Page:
Date Posted: 05 Apr 2005 at 11:16pm

Ps,

i've thought for a while now that many male Grass snakes migrate to the water instead of mating while others stay behind on the plains with the females until much later, say end of april. If, like adders, Grassies only mated every other year, it might explain things?  



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RobV


Posted By: Ruth
Date Posted: 06 Apr 2005 at 5:29pm

Spotted this one in our pond on 03 April 05, it's much bigger than the one we found in our garden in August 04

Ruth



Posted By: Alan Hyde
Date Posted: 07 Apr 2005 at 11:01am
Excellent Stuff Ruth ! Thank you for sharing the pictures .
Wish I had Grass Snakes visiting my pond .

All the best,
Al


Posted By: Robert V
Date Posted: 07 Apr 2005 at 5:20pm

Good one Ruth!

Have you got frogs/toads in your pond? If NOT, how about buying a few small common carp to keep the snake ineterested! (lol, I know I'll get shouted at for that one)



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RobV


Posted By: Ruth
Date Posted: 07 Apr 2005 at 9:17pm

Originally posted by Robert V Robert V wrote:

Have you got frogs/toads in your pond?

Yep, we have frogs (not many though), this one was resting very near to the grass snake, not sure if it would have been too large for the snake or not.  In fact it was only due to the fact that the snake had a frog by its leg that drew my husbands attention to the pond, BTW, that particular frog got away

We very much hope to have see more sightings of it and perhaps see a few youngsters later in the year.

LOL, as for the carp comment, let's just say, there's plenty of choice in the pond!!!

Ruth

Edited to post photo



Posted By: Robert V
Date Posted: 07 Apr 2005 at 11:06pm
Ruth, glad the frog got away. Much rather a few carp became lunch....especially because of the amount of carp ponds around now and the fact that they devour all the frog and toad spawn!

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RobV


Posted By: asterix
Date Posted: 23 May 2005 at 10:37am

Hi

I have used the information on your web page and particularly Ruth's pictures to help me identify a grass snake in our garden pond in Rutland.  It is about 1 inch across and I guess 18 to 24 inches long.  The pond contains newts and frogs.  Although we did have some frogspawn this this year there was less than usual and there seem to be fewer frogs as well.  Can I expect to see more than one snake?  Is there anything I should do about it?

David



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Asterix, Rutland


Posted By: Robert V
Date Posted: 23 May 2005 at 12:49pm

David,

I think most of the members would agree with me when I say, there seems to be a reduction in frog spawn everywhere this year, not only your pond......Come to that there seems to be a reduction in Grass snake numbers as well, so i think you're very lucky to have one visiting on a regular basis. like I said to ruth, you could get some small carp to stock the pond if you want to keep the grassie interested. If i were you, I'd invest in one of those small hides/tents, set it up one night so that you can see the pond clearly and wait for a sunny morning. You have the ideal opprotunity to grab a photo of a grass snake swallowing a small fish.....It would be great if you could log it on here afterwards so that we can all see!

Cheers Robert



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RobV


Posted By: cressy
Date Posted: 08 Aug 2005 at 2:57pm
hi, I'm totally new to this forum, but hope you dont mind me adding in a grass snake sighting!  it was in our kitchen garden, 'sunbathing' on a vertical old stone wall, and I've identified it from the pictures on your site.  I went in to get the children to come and see it, but unfortunately they were a bit loud as we went back out, and it had disappeared...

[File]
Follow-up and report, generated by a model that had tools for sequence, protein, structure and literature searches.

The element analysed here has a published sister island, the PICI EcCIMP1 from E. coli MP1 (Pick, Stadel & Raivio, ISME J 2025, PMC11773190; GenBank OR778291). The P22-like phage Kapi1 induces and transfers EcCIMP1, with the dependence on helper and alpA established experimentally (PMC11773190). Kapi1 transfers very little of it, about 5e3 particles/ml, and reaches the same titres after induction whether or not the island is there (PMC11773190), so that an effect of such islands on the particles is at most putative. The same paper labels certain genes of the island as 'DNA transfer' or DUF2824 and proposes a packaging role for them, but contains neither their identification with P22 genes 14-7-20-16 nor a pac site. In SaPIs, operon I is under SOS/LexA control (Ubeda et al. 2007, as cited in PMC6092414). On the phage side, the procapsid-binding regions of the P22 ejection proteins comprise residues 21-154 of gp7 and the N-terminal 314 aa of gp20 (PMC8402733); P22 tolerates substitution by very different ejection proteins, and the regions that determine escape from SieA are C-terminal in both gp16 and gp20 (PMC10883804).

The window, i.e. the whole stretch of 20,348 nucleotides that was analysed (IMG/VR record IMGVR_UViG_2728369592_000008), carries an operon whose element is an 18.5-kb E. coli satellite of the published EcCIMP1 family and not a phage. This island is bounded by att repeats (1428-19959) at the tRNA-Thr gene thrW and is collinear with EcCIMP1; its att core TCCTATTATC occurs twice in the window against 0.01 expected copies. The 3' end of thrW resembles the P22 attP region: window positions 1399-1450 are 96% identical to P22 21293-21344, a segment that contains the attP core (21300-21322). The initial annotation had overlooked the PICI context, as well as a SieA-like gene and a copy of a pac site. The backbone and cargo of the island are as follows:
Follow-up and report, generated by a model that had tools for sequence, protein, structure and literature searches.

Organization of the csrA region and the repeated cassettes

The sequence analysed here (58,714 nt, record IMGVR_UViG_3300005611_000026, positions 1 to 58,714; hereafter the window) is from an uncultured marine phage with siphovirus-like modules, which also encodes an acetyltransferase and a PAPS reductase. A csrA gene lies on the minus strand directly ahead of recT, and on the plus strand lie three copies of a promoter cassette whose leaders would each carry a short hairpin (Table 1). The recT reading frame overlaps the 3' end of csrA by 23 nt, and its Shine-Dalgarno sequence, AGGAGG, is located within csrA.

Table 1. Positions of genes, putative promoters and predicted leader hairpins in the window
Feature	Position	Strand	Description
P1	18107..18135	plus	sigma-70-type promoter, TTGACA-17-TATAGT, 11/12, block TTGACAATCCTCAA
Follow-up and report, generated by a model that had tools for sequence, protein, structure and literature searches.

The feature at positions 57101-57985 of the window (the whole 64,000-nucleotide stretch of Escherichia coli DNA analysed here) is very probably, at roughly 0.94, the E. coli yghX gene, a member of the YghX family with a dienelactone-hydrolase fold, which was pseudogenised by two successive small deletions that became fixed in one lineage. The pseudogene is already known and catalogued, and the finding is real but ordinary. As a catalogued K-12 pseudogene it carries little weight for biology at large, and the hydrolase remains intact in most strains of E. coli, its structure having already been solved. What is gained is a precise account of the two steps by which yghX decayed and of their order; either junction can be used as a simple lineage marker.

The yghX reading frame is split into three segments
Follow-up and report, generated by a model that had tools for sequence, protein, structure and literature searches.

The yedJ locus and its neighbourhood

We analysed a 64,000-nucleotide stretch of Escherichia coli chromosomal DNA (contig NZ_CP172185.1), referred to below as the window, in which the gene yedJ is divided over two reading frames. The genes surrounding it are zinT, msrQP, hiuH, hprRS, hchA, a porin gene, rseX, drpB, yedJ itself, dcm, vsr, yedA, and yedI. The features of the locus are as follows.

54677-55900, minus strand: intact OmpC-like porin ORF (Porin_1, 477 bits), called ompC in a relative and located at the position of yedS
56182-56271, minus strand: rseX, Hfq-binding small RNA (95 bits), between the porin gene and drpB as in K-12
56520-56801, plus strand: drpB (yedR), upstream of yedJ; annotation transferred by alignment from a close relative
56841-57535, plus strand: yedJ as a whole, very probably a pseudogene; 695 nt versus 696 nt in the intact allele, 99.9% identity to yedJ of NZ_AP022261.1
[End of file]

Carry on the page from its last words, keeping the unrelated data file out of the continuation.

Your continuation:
we are in Kent, very close to the sea, and this is the first grass snake I have seen here in about 5 years, although I have seen several slow worms too.  do we not see them because they are rare, or because they hide themselves away?  I was thrilled to see it.


Posted By: Alan Hyde
Date Posted: 08 Aug 2005 at 4:21pm
Hi Cressy
Welcome to the forums .

I'm glad you managed to see a grassy in your garden, that's excellent news

I've been into reptiles since I was very young , and now at age 41 I can honestly say I still get very excited when I see a snake.

To answer your question, Our reptiles are becoming rarer and they're definitely not as easy to see as when I was young .
Also, you may not often see snakes because you're not that familiar with them . Once you start looking in the right places you'll find that your eye becomes trained to spotting them .

Thanks for telling us about your grass snake , hope to speak to you again here
Alan


Posted By: cressy
Date Posted: 08 Aug 2005 at 6:04pm
thanks for the reply  and the welcome - can you recommend a quick and easy way to find out more about  reptiles in the UK?  we also get lizards (unfortunately brought in by the cats, but very often still alive) and also lots of  frogs here.  trouble is, if you google reptiles you get so much info that its hard to sift through - I'd like to be able to identify things and know about their habitat, lifestyle, how we can encourage more, etc etc. - a good book recommendation would be great!


Posted By: Peter Vaughan
Date Posted: 18 Nov 2005 at 8:00pm

Great to see the Forum back .

It seemed easier to observe the Grass Snakes at my local reserve during September and October - perhaps because the vegetation had thinned out a bit and temperatures were that bit cooler.  My last sighting was on 16 October, but here is a photograph of one on a log pile taken on 10 September.

 

thinned



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Peter Vaughan


Posted By: Mick
Date Posted: 19 Nov 2005 at 10:16am
Peter. That's a lovely photo' of a Grass snake in the some Bramble.


Posted By: arvensis
Date Posted: 01 Jun 2006 at 5:44pm
Here's a Juvenile from yesterday.

Mark


Posted By: Vicar
Date Posted: 02 Jun 2006 at 8:37am
Nice one Mark. Did you get 'slimed' ? :P, although it looks settled(ish).

-------------